the birthday party
Answers 1Add Yours
To shake audiences from their more conventional viewing habits, the playwrights of the Absurdist Theater used traditional settings to ease the audience into their plays, and then shocked them with surreal imagery, uncommon circumstances, or fragmented language. Language within the Absurdist Theater often transcended its base meaning. As in The Birthday Party, nothing is as it seems and no one speaks the whole truth. Also, the use of silence as language was often utilized in these plays.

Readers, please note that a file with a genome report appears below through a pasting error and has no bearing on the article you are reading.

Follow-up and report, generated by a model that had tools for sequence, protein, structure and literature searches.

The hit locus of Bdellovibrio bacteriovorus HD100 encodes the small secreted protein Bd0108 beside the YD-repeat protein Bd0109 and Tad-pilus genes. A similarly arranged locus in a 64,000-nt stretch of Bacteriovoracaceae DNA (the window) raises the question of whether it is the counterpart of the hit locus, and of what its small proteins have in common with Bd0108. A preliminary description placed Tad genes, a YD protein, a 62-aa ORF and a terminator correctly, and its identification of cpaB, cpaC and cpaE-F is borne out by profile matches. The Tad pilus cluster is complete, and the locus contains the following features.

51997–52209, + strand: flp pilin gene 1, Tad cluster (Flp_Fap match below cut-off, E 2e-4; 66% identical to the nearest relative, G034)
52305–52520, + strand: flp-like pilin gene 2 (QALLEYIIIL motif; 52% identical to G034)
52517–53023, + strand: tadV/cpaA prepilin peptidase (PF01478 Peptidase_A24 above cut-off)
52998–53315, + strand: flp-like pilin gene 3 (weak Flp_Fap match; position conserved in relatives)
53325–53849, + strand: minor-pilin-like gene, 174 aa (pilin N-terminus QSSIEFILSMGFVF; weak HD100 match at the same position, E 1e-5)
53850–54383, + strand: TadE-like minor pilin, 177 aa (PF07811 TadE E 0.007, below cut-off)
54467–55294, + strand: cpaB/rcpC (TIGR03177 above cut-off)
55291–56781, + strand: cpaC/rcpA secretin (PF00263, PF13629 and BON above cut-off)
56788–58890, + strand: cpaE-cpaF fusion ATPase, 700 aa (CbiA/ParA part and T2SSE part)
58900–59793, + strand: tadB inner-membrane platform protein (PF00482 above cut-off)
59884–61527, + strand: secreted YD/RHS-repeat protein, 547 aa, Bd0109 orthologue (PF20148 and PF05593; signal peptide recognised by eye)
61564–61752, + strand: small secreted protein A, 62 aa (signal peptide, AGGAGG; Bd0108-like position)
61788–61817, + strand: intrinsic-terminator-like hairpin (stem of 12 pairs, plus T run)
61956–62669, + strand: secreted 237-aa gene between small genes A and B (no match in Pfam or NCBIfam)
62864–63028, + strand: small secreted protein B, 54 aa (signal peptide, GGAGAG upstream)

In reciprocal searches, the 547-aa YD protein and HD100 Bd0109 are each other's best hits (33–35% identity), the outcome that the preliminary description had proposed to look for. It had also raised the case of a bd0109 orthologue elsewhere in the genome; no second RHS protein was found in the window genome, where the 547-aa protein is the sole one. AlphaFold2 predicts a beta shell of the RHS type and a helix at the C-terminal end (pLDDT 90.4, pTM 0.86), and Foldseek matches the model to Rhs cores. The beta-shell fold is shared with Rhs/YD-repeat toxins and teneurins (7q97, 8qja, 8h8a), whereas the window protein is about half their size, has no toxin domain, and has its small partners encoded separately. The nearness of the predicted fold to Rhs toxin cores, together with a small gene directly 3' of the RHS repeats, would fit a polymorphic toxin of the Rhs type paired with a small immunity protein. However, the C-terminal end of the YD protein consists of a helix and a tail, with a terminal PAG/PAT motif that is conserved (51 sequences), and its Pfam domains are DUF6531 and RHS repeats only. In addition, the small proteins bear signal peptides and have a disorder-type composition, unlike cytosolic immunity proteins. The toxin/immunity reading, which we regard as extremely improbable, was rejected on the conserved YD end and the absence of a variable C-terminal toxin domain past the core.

The drama of the absurdist theater is dreamlike, almost lyrical. Like the Surrealists before them, the absurdist playwrights use imagery, subtext, mythology, and allegory to express a deeper meaning which is often never fully explained. In fact, the playwrights of the Theater of the Absurd allowed their plays to speak for themselves. Pinter explained this absurdist concept best in his 1962 speech “Writing for the Theatre,” which was presented at the National Student Drama Festival in Bristol. He said, “I suggest there can be no hard distinctions between what is real and what is unreal, nor between what is true and what is false.” The thin line between truth and lies is perhaps the defining characteristic of the Theater of the Absurd.